London Eye

A trip to the London Eye can easily be combined with a cruise on the River Thames as the London Eye Ferris Wheel is conveniently situated directly beside the pier!
Which direction you choose to go is entirely up to you. Either way, you’ll be rewarded by the rich historical monuments that London has to offer!
Should you board the Northwest-bound cruise, you’ll be able to visit the Palace of Westminster & Westminster Abbey and of course, the magnificent tower of Big Ben – upon alighting from your ferry.
If you choose to embark the cruise headed in Northeast direction, you’ll have the option of making a trip to Her Majesty’s Royal Palace and Fortress – which is more commonly known as the Tower of London.
Just adjacent to the Tower of London, a short walk is all it’ll take, to get you to get to the iconic Tower Bridge.
With so much convenience at your fingertips, I don’t see a reason why not to pay a visit to London!
I hope this helps those who plan to visit London for a holiday in future.
Still not convinced it’s worth to take a ride above the Londo… Ey…E?! Is thhh..that.that ?!
OK, I suppose you’re convinced now!! Sir Beckham will be here waiting for you, only at – the London EYE!!
“Wait a minute…who’s that guy on the left…he’s at the London Eye too. Looks kinds familiar…?” “Hmmm…never mind.” =(
The view from right above the London Eye is simply spectacular
With this, I begin this post.
Today’s entry will be about the London Eye!
London Eye
A relatively recent but already very popular tourist attraction is the London Eye, a giant observation wheel located in the Jubilee Gardens on the South Bank. The 135 meter/443ft tall structure was built as part of London’s millennium celebrations.
A Landmark for the new Millennium
The structure was designed by the architectural team of David Marks and Julia Barfield, husband and wife.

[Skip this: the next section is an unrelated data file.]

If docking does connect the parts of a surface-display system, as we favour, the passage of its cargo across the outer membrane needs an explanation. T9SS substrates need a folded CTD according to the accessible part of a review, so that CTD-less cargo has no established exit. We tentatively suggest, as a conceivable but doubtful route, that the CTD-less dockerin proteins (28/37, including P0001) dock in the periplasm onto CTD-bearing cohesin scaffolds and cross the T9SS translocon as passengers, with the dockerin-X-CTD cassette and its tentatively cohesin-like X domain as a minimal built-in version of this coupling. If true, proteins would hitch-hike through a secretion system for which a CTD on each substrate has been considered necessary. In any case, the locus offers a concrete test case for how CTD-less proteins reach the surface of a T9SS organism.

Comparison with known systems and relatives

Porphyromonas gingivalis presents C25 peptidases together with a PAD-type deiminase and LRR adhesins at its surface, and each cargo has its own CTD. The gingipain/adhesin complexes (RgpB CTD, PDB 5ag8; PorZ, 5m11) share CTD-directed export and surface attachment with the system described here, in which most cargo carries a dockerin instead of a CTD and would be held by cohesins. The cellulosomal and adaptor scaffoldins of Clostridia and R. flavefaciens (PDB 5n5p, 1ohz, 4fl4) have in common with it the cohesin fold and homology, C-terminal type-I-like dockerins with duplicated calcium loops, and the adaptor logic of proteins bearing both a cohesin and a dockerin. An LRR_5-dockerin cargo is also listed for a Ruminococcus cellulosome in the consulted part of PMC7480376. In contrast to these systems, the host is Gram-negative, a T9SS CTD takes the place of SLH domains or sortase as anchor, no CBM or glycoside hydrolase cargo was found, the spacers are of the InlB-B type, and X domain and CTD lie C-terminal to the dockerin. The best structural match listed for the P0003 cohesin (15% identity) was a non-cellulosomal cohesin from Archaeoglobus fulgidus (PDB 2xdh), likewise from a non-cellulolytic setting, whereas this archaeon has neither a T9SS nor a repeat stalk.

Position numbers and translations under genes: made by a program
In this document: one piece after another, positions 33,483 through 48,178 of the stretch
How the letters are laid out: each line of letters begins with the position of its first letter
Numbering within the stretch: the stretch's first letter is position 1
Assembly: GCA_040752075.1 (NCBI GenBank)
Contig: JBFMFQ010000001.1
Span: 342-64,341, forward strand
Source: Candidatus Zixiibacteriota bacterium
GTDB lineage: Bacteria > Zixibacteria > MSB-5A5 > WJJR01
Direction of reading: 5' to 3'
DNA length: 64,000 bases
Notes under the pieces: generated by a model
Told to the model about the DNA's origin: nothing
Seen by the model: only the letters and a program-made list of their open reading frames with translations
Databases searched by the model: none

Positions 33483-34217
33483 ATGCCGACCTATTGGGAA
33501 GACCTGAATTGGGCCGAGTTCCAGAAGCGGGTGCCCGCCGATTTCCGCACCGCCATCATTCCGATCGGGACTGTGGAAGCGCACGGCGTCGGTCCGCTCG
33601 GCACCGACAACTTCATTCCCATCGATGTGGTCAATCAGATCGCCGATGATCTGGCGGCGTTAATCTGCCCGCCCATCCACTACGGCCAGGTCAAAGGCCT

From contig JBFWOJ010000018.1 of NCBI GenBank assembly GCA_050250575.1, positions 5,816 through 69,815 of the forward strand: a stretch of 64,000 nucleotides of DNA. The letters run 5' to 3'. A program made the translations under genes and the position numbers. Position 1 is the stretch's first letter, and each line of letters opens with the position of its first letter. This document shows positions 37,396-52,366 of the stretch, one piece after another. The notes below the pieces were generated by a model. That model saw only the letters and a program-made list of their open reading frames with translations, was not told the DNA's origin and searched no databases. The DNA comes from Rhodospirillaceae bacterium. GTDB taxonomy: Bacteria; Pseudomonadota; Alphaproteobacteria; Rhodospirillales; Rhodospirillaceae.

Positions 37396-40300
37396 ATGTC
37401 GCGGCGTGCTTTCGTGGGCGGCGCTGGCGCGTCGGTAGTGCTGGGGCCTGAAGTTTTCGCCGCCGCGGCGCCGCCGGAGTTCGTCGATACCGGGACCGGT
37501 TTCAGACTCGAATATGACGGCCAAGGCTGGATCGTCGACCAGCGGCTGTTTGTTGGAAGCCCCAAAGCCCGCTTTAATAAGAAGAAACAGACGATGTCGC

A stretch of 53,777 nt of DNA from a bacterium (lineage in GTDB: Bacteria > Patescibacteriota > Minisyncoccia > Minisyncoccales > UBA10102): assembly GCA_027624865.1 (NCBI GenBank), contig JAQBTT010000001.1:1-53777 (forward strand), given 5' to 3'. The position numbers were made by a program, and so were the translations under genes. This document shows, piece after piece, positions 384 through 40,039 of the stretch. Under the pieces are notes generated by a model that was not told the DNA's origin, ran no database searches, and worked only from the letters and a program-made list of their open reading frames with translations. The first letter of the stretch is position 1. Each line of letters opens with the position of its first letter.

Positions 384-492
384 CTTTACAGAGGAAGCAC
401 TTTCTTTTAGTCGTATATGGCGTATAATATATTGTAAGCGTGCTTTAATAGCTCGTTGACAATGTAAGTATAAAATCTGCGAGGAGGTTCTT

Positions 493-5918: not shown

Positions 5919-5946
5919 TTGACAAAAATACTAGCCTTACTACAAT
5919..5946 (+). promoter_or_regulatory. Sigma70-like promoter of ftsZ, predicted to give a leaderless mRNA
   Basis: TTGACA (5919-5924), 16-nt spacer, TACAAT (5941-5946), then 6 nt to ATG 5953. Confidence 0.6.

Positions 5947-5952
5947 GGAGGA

Palace of Westminster, the houses of parliament
They submitted their idea for a large observation wheel as part of a competition to design a landmark for the new millennium.
None of the entrants won the competition, but the couple pressed on and eventually got the backing of British Airways, who then sponsored the project.
Construction of the observation wheel took more than a year and a half to complete.
Westminster Palace looks so tiny from above with towering Big Ben, looking like a 6-year old’s
In the process over 1700 tonnes of steel were used for the structure and more than 3000 tonnes of concrete were used for the foundations.
Although it’s not the tallest Ferris Wheel anymore, London Eye is still the very best that exists
The futuristic looking capsules, accommodating up to 25 passengers, were transported all the way from France by train through the Channel Tunnel, also known as the Chunnel.
These are the capsules you’ll be riding in
Each egg-shaped capsule is 8 meters long and weighs 500kg. The 25 meter/82 ft long spindle was built in the Czech Republic.
The rim has a diameter of 122meter/400ft, about 200 times the size of a bicycle wheel. 80 Spokes connect the rim with the spindle.
The Observation Wheel
The observation wheel turns slow enough for people to embark while it is moving. A complete turn takes about 30 minutes.
I would say a ride on the London Eye beats any Ferris Wheel I’ve ever rode on
Thanks to the construction of the glass capsules on the outer side of the rim, the passengers have a great 360° view over London. Many famous landmarks are clearly visible, including Buckingham Palace, St. Paul’s Cathedral and the Houses of Parliament.
On a clear day you can see as far as 40km, which is equivalent to about 25 miles.
Critical reception
One of the things you absolutely have to do when in London is to take a ride at least once, on the London Eye
  • Sir Richard Rogers, winner of the 2007 Pritzker Architecture Prize, wrote of the London Eye in a book about the project: